Have you ever had any Roman artefacts brought in, if so what were they?
Rafi (10), Avi (8) and Joel (10)
Oh yes I’ve had quite a few Roman coins reported to me; mostly copper, but some silver one as well. Roman brooches are brought in occasionally, or fragments of brooches I should say, as they’re rarely completely intact.
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What is the oldest artefact you have had to identify?
Erin (10), Seth (8), Isaac (7), Aya (8), Charlie (10), Itamar (10), Blake (10) and Gila
Most of the artefacts brought in for recording and identification are metal, but we do get flint tools occasionally. The oldest were some Mesolithic microliths, tiny little worked flints that can be quite tricky to identify.
What has been your greatest discovery so far?
Many of our YAC members have asked this question!
Just over 15 years ago I carried out a farm survey in North Wales which included looking at the old buildings. When I arrived the farmer said “oh you want to have a look in the cow shed
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I want to know if there is a formula that tells you how old something is relative to how deep it is in the ground? I have heard of something called stratigraphy, but I am not certain that is really what I am looking for.
Corey, age 17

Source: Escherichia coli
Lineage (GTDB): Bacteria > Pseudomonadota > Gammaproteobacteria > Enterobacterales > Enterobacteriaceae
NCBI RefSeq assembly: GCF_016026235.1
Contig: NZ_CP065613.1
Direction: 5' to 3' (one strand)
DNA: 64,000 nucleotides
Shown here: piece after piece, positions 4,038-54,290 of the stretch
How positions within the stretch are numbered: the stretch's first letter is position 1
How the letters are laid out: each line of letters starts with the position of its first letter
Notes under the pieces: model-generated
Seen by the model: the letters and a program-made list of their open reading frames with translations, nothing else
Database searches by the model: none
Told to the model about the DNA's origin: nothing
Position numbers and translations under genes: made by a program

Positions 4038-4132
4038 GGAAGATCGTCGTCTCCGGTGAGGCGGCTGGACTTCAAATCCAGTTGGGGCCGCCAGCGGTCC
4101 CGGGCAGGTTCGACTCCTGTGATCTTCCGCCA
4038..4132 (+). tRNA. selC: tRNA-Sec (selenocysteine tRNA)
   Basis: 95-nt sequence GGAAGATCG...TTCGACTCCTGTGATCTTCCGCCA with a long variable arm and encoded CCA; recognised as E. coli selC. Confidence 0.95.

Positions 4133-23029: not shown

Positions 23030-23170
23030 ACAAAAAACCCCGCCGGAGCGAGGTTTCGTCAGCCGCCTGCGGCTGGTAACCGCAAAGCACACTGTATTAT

The simple answer to your excellent question is no, there is no formula that tells you how old something is relative to how deep it is in the ground – life would be a lot easier for archaeologists if there were. There are lots of factors that affect how deep a particular archaeological deposit is, many of them being natural. The underlying geology (rocks) and topography (how lumpy and bumpy the ground is) affects how soil is deposited on the bedrock, how and what plants grow on that soil and what happens when those plants die. Climate also plays a huge role in this. So in some locations, the bedrock might be just a few inches below the surface of the soil, which contains archaeological deposits thousands of years old. In other locations you might have to dig several feet down before you hit relatively recent archaeology. This is one thing that makes being an archaeologist so interesting – there are no easy answers!
Stratigraphy is the study of the layers of soil deposition over time, and is absolutely fundamental to understanding archaeology. The word stratum is a Latin one simply meaning ‘layer’ and is used in other contexts, not just archaeology. Layers of soil or other materials are deposited in the past in chronological order, with the oldest layer at the bottom. The fun really begins when human activity cuts through older layers – a medieval pit cut into a Roman road, for example. Understanding how the features relate to the stratigraphy and each other is the key to understanding what an archaeological site is telling you.